So we’d follow him into the house, through the kitchen and stand by the ice box while he dug out an assortment of flavors – cherry, orange, grape or lime. Then we’d all stand around the kitchen, talking about our ride down from Ohio, slurping away before they melted down our hands.

So Grandpa, now you get all the popsicle breaks you want, plus all the BlueBell ice cream you ever wanted. And be sure to keep the gates to heaven greased with WD-40 for the rest of us.

Thursday night/Friday morning Oct 22 12:15 a.m.

We’re in the middle of it. Smack dab in the middle of the emotional roller coaster. The visitation tonight went better than I thought it would. At 5 p.m. we entered the chapel together – Tim and Mom holding Grandma, followed by Mark and Tom, then me and Beth. As we approached the casket, it hit me that we were at the hardest point of this entire process – the viewing of the body. I think we all feared that it wouldn’t look like him, as funeral homes sometimes are known to mess with during the dressing of the body. But – it looked like him. It really really looked like him. And for the first time in a long time, he was at peace. Hands crossed, clasping a rosary. Sure he had the makeup on but it looked like him. So much so, I expected him to just flutter his eyes open and sit up and say, “Well, what are ya’ll staring at?”

We were all extremely relieved. Another layer of the raw emotions had been lifted.

We all stared, hugged and sobbed for a few minutes, in disbelief that this was actually happening. Then one of us snapped into typical Vetrano form and giggled. Mom giggled and said, where’s the teabag? We need to add the teabag!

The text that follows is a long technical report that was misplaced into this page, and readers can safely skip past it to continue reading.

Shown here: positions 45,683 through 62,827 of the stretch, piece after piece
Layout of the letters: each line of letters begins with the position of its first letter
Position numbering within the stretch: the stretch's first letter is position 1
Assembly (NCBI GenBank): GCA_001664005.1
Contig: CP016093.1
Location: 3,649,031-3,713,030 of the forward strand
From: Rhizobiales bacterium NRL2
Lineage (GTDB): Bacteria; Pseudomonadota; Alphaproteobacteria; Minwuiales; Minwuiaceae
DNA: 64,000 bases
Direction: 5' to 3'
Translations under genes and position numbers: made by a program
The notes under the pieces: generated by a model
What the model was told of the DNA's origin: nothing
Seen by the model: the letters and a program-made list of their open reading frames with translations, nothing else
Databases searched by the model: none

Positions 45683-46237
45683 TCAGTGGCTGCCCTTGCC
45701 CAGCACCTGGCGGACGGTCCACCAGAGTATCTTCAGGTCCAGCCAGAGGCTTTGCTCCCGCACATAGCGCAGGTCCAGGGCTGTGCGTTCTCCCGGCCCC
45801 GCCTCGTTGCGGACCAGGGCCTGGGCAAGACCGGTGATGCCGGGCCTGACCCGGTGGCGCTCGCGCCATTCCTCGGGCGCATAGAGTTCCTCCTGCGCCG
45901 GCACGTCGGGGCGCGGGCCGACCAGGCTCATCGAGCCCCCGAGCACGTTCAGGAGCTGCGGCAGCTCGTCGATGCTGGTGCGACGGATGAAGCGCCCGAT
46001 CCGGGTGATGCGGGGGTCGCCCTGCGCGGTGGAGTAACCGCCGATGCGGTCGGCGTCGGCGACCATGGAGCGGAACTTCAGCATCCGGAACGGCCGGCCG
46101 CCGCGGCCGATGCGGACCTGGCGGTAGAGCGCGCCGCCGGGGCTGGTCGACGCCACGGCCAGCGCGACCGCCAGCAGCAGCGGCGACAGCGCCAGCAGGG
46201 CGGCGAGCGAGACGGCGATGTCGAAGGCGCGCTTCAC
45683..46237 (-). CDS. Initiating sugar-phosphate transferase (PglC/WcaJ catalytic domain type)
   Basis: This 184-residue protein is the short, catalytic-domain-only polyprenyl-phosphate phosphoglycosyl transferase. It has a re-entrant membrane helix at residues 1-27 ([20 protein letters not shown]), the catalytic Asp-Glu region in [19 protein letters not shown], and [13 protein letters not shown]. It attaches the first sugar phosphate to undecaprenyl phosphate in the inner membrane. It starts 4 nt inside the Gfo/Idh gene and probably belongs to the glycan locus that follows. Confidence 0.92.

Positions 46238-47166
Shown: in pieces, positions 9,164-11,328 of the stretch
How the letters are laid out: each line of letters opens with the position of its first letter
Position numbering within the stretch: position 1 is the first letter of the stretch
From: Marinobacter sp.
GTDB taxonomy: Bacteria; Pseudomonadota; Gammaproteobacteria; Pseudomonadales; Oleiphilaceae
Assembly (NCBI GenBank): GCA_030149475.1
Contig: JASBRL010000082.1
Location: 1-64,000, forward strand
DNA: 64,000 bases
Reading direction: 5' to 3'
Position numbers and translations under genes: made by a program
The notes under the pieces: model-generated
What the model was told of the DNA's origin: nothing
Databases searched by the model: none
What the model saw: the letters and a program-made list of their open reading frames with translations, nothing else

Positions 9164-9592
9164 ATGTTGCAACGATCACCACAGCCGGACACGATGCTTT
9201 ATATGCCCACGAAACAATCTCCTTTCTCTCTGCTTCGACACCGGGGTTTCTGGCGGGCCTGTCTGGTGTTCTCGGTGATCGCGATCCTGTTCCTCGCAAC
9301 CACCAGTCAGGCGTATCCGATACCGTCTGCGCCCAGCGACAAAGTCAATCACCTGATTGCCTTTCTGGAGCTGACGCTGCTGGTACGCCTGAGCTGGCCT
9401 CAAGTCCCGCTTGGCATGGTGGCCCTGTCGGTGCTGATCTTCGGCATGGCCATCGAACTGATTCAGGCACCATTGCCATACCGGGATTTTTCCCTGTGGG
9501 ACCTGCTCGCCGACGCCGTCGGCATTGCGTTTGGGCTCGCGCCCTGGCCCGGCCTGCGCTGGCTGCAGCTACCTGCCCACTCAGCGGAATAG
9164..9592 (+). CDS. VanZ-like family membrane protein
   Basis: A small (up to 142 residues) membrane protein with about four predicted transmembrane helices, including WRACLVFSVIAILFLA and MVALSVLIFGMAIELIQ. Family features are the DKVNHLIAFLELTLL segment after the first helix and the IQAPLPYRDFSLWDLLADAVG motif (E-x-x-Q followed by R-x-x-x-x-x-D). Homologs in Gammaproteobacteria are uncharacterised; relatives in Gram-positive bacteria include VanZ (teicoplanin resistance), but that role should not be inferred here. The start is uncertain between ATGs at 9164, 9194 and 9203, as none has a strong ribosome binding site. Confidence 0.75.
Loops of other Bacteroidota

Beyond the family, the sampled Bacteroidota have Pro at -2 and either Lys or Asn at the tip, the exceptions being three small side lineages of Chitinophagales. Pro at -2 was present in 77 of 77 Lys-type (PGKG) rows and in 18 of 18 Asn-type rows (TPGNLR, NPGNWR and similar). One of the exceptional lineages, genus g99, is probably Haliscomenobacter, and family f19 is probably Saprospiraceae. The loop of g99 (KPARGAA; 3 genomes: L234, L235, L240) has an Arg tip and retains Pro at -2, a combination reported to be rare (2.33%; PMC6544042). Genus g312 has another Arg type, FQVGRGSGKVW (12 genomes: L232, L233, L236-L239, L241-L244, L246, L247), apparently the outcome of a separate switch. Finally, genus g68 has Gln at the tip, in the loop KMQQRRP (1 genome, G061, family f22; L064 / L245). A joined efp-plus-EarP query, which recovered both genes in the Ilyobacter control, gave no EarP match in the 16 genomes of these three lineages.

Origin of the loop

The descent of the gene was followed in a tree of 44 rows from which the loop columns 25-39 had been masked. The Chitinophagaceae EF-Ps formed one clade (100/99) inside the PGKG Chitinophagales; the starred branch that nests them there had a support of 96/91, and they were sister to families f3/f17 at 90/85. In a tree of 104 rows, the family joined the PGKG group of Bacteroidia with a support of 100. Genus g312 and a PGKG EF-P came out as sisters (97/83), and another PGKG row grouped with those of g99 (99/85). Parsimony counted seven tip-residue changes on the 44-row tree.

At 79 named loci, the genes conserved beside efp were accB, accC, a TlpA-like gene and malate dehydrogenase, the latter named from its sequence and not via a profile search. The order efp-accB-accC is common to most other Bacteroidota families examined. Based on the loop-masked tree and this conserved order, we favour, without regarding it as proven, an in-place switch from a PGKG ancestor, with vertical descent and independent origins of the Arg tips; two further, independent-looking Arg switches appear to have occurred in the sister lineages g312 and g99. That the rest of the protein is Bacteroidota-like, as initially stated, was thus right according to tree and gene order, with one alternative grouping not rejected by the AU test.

As we were sitting around the table the night before talking logistics and memories, it turned to half-jokingly what we should put in the casket to send him to his grave with – we had celery in the flower spray on the casket b/c that’s the first bouquet he gave Grandma, plus he loved chomping on it.  We then added his Bubba Gump Hat that he loved wearing around the house, something he got on one of his many trips to Colorado to visit Ken, Dianne and John. Fondly remembering his days of drinking tea, I half-jokingly said, “I want to put some teabags in his breast pocket.”

So when Mom made the comment, I realized the family was serious. So I pulled out a Lipton bag from my wallet and grabbed the one from Tim, who I told to stash one just in case I forgot. I leaned over Grandpa and stuffed them in the little suit pocket.